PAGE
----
Did you use online resources or read books to prepare?
After I applied, App Academy sent me a list of resources to help me prepare for the first coding challenge. They suggested Codecademy and Ruby Monk, but I also searched for beginning Ruby tutorials. There’s a lot of good material out there.
Did you look at other bootcamps or did you only apply to App Academy?
I looked at other bootcamps, but I App Academy was my first choice because of their business model. I even said that to Kush (the founder of App Academy) during my final interview.
What was the App Academy application process like for you?
My application process was pretty long, but I think it’s different for everyone. After filling out the application, I received an invitation for a coding assessment. They sent me a second assessment shortly after I completed the first one, followed by a 15-question problem set. I spent about 20 hours on those exercises. I then had two live coding exercises. The second one included a mini-interview with Kush, the founder of App Academy. From start to finish, it took almost two months.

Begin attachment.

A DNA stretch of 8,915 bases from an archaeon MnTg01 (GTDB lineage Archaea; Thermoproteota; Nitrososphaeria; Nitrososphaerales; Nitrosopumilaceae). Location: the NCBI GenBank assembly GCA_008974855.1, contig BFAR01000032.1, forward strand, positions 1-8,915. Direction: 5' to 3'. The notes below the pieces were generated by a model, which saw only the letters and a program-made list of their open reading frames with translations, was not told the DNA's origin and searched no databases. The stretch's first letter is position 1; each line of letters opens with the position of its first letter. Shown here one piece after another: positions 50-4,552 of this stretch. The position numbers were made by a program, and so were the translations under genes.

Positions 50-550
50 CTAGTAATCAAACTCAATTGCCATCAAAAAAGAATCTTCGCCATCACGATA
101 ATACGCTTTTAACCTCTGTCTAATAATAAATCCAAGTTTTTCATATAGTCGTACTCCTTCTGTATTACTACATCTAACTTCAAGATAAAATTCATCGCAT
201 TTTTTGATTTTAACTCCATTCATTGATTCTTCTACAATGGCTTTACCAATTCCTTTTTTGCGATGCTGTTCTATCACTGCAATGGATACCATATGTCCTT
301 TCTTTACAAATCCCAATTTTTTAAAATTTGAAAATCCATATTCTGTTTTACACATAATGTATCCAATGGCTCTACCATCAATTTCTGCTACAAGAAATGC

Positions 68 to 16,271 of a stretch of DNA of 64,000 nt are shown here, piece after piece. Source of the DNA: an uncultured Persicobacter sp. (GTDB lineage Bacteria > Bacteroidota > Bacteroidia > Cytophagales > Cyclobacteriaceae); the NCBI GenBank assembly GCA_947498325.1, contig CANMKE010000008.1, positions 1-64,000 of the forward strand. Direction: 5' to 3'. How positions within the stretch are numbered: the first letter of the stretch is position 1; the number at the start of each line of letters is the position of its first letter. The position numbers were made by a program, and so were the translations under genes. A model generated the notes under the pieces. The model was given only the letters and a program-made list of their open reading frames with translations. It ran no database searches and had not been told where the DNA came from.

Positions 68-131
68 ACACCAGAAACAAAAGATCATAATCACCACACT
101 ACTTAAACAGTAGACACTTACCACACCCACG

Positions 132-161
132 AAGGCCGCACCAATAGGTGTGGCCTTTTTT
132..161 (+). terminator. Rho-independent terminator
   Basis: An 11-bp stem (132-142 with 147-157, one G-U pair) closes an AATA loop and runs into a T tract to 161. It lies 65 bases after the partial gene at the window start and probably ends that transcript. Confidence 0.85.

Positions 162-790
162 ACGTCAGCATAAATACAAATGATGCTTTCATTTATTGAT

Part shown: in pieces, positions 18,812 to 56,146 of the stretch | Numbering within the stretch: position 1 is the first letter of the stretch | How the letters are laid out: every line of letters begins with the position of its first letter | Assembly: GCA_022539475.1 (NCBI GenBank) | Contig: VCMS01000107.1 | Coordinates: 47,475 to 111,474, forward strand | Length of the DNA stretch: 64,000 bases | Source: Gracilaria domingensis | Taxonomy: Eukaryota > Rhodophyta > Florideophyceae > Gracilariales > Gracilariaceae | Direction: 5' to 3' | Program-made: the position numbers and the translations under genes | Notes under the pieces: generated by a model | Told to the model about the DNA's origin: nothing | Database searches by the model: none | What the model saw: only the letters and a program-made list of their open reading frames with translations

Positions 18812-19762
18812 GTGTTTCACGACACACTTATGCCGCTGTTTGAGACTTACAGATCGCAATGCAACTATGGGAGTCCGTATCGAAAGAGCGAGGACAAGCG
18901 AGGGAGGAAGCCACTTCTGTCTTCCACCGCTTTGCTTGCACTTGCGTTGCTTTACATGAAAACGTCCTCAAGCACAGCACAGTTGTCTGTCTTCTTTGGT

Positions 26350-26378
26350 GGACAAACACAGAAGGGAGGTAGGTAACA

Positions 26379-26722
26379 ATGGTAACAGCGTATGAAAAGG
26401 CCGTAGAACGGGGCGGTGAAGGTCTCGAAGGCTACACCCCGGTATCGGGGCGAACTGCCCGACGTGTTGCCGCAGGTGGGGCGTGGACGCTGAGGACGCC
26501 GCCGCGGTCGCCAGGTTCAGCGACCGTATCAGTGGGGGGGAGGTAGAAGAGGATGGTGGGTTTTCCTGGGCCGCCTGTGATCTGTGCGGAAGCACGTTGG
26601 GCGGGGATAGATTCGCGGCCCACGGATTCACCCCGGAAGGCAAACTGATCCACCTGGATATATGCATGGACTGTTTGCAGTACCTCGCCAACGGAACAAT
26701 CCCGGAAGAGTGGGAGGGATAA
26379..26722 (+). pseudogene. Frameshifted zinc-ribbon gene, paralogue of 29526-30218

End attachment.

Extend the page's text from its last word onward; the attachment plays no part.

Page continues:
How many people were in your cohort?
There were 22 people when we started. One person dropped out on the first day, but everyone else finished the program.
Did you feel like it was a diverse cohort in terms of age, gender and race?
There were two women in the class so in terms of gender it wasn’t diverse. I was 29 and I was the oldest person in the cohort. Other cohorts had people in their 30’s, some people had kids.
There were different racial backgrounds and some international students. Overall, it wasn’t representative of the population at large, but I don’t think anyone ever felt excluded or uncomfortable or unwelcome.
Was there some overlap between different cohorts?
There was a 3-week overlap. The last 3 weeks of the program are dedicated to getting us hired. My cohort started during the previous cohort’s hiring phase.
Did your cohort start with pretty similar skill levels and technical backgrounds?
I feel like most people in my cohort had little or no technical background like myself. Before starting the class, we all did the completed tutorials, we all had the same “pre-flight assignment,” which gave us the same foundation.
How many instructors did you have for your cohort?